The Sweetland Digital Rhetoric Collaborative (DRC) Graduate Fellows program aims to recognize graduate students currently working in digital rhetoric who want practical experience in online publishing and website development. Fellows are selected on a yearly basis by the editors and board of the DRC, and receive an annual stipend of $500 as well as recognition on the DRC website.
DRC Fellows commit to attending monthly online team meetings to plan projects that extend the DRC website and its contributions to the community of computers and writing. They work independently and collaboratively to complete two projects within the year of their term; typical projects include: coordinating a blog carnival, developing the DRC wiki, enhancing the resources section of the website, or taking part in editorial work associated with DRC publishing.
The 2019-2020 fellows are:
Dana Comi, University of Kansas
Dana Comi is a PhD student in the Rhetoric and Composition program at the University of Kansas, where she currently teaches first year composition and technical communication courses. Her research interests include Rhetorical Genre Studies (RGS), human-centered design, and digital rhetoric. Currently, she researches neighborhoods that design their own Internet infrastructure as rhetorical access-building. You can follow her on Twitter at @cat_comi.
Wilfredo Flores, Michigan State University
Wilfredo Flores—or Wil—is a third-year PhD student in the Department of Writing, Rhetoric, and American Cultures at Michigan State University. His research deploys ideas from platform studies and cultural rhetorics and qualitative methods to examine how queer people talk about their sexual health on Twitter. You can read more at wilfredoflores.org, and he tweets at @willflowers.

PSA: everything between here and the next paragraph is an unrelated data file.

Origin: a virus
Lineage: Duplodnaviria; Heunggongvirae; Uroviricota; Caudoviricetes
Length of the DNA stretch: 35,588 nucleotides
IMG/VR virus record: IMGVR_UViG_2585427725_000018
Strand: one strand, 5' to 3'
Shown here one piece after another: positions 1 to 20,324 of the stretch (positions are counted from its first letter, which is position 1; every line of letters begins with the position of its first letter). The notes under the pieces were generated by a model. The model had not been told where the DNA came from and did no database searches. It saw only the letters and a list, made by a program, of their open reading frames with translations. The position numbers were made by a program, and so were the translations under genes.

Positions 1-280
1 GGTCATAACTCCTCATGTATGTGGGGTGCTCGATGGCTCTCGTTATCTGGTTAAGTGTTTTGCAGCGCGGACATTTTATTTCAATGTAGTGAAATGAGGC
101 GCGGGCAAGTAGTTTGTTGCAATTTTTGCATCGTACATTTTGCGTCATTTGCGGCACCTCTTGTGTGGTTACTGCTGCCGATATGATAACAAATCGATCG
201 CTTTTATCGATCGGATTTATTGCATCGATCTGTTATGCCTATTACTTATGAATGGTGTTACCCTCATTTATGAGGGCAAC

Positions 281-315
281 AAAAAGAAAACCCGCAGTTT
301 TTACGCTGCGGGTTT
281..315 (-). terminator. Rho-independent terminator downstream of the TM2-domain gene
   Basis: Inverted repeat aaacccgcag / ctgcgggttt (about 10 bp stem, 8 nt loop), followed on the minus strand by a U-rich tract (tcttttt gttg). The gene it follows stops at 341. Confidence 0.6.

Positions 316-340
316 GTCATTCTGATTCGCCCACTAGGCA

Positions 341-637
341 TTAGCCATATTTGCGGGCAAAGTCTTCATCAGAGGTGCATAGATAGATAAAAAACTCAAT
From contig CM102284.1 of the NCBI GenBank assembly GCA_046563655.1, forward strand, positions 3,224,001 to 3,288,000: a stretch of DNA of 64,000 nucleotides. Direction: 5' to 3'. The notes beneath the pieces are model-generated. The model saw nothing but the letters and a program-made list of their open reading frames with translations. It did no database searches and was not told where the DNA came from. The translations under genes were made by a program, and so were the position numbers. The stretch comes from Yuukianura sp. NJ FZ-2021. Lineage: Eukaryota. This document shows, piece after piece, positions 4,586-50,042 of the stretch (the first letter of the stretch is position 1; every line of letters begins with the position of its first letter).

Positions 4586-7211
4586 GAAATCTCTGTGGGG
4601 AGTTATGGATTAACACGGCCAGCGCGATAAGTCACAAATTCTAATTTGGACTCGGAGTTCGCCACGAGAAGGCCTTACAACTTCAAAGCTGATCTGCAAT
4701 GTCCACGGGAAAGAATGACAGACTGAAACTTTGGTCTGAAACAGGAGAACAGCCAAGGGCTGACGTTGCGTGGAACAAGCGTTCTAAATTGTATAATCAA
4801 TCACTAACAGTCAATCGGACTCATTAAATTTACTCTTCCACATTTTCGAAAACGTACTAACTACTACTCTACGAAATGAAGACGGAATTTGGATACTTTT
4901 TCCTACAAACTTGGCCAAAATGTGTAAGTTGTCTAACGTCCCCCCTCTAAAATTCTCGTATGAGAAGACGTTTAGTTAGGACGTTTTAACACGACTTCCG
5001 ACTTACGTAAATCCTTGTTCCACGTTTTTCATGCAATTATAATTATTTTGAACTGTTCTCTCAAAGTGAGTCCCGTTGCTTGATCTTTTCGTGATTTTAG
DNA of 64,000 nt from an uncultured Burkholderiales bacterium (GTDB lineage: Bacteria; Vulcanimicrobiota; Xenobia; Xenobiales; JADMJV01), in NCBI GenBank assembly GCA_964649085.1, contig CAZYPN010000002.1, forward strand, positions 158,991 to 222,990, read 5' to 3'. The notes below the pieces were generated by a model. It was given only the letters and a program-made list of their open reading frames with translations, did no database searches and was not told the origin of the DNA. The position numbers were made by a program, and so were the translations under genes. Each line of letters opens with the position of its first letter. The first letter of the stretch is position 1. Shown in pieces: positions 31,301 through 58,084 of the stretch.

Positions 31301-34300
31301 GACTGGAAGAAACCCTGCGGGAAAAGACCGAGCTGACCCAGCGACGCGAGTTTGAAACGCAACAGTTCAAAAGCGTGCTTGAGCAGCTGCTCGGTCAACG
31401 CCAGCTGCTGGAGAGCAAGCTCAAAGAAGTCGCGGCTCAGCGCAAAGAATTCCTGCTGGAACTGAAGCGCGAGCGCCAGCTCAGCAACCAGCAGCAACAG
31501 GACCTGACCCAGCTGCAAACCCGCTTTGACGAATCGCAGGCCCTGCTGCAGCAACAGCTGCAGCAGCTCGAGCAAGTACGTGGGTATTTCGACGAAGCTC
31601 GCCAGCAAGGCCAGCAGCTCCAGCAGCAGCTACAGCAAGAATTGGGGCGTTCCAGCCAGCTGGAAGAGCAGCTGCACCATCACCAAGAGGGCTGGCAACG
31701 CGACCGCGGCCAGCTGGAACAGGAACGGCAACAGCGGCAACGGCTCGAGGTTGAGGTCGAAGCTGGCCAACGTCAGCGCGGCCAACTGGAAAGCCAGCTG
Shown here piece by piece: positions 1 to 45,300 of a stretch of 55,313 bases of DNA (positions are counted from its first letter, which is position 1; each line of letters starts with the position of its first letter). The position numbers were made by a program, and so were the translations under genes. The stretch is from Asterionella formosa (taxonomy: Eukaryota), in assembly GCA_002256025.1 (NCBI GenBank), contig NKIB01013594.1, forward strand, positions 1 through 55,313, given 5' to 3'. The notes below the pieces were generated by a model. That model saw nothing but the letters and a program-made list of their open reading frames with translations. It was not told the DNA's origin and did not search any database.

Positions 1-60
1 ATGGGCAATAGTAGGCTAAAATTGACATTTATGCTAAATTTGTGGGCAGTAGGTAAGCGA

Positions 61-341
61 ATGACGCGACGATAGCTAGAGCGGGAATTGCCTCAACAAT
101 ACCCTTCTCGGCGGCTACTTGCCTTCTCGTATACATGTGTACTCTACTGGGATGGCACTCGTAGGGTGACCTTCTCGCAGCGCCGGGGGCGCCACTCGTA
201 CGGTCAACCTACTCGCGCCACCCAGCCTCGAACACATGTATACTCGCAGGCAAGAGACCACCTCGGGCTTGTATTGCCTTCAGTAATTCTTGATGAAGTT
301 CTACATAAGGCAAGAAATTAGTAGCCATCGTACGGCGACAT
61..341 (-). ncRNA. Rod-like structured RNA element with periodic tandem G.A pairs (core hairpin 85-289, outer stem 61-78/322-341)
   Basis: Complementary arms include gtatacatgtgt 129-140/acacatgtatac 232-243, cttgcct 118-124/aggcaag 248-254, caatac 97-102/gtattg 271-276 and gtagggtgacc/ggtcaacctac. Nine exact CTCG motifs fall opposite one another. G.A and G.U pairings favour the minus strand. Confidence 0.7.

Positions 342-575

McKinley Green, University of Minnesota
McKinley Green (he/him/his pronouns) is a PhD candidate in Rhetoric and Scientific & Technical Communication at the University of Minnesota, where he teaches classes in technical and professional communication, first-year writing, and visual rhetoric. His interests are located at intersections of technology, rhetoric, and theories of social justice. You can learn more about his teaching and research at mckinleytgreen.com.
Jialei Jiang, Indiana University of Pennsylvania
Jialei Jiang is a PhD candidate in Composition and Applied Linguistics at Indiana University of Pennsylvania, where she also teaches first-year composition (FYC) and research writing courses. Her research interests include new materialist theories, digital composition, and public rhetoric. She is interested in exploring the intersection between multimodal pedagogy and public rhetoric advocacy. Jialei’s dissertation focuses on examining the material and affective design of multimodal campaigns in FYC classrooms.
Soyeon Lee, University of Houston
Soyeon Lee is a PhD candidate in Rhetoric, Composition, and Pedagogy in the English department at the University of Houston, Her research interests include transnational literacy studies, digital rhetoric, community engagement, and environmental risk communication. She has worked on representing the experiences and literate lives of flood-affected immigrants living in the Gulf of Mexico coastal cities in the aftermath of disasters.
Nupoor Ranade, North Carolina State University
Nupoor is a Ph.D. student in the Communication, Rhetoric and Digital Media program at the North Carolina State University. Her research focuses on audience analysis, digital rhetoric, user experience and information design, primarily in the field of technical communication and artificial intelligence. Her research experience and partnerships with the industry help her bridge gaps of knowledge that she then brings to her pedagogical practices. She is interested in exploring interdisciplinary collaborative work which helps us redefine the term audience.
Former Graduate Fellows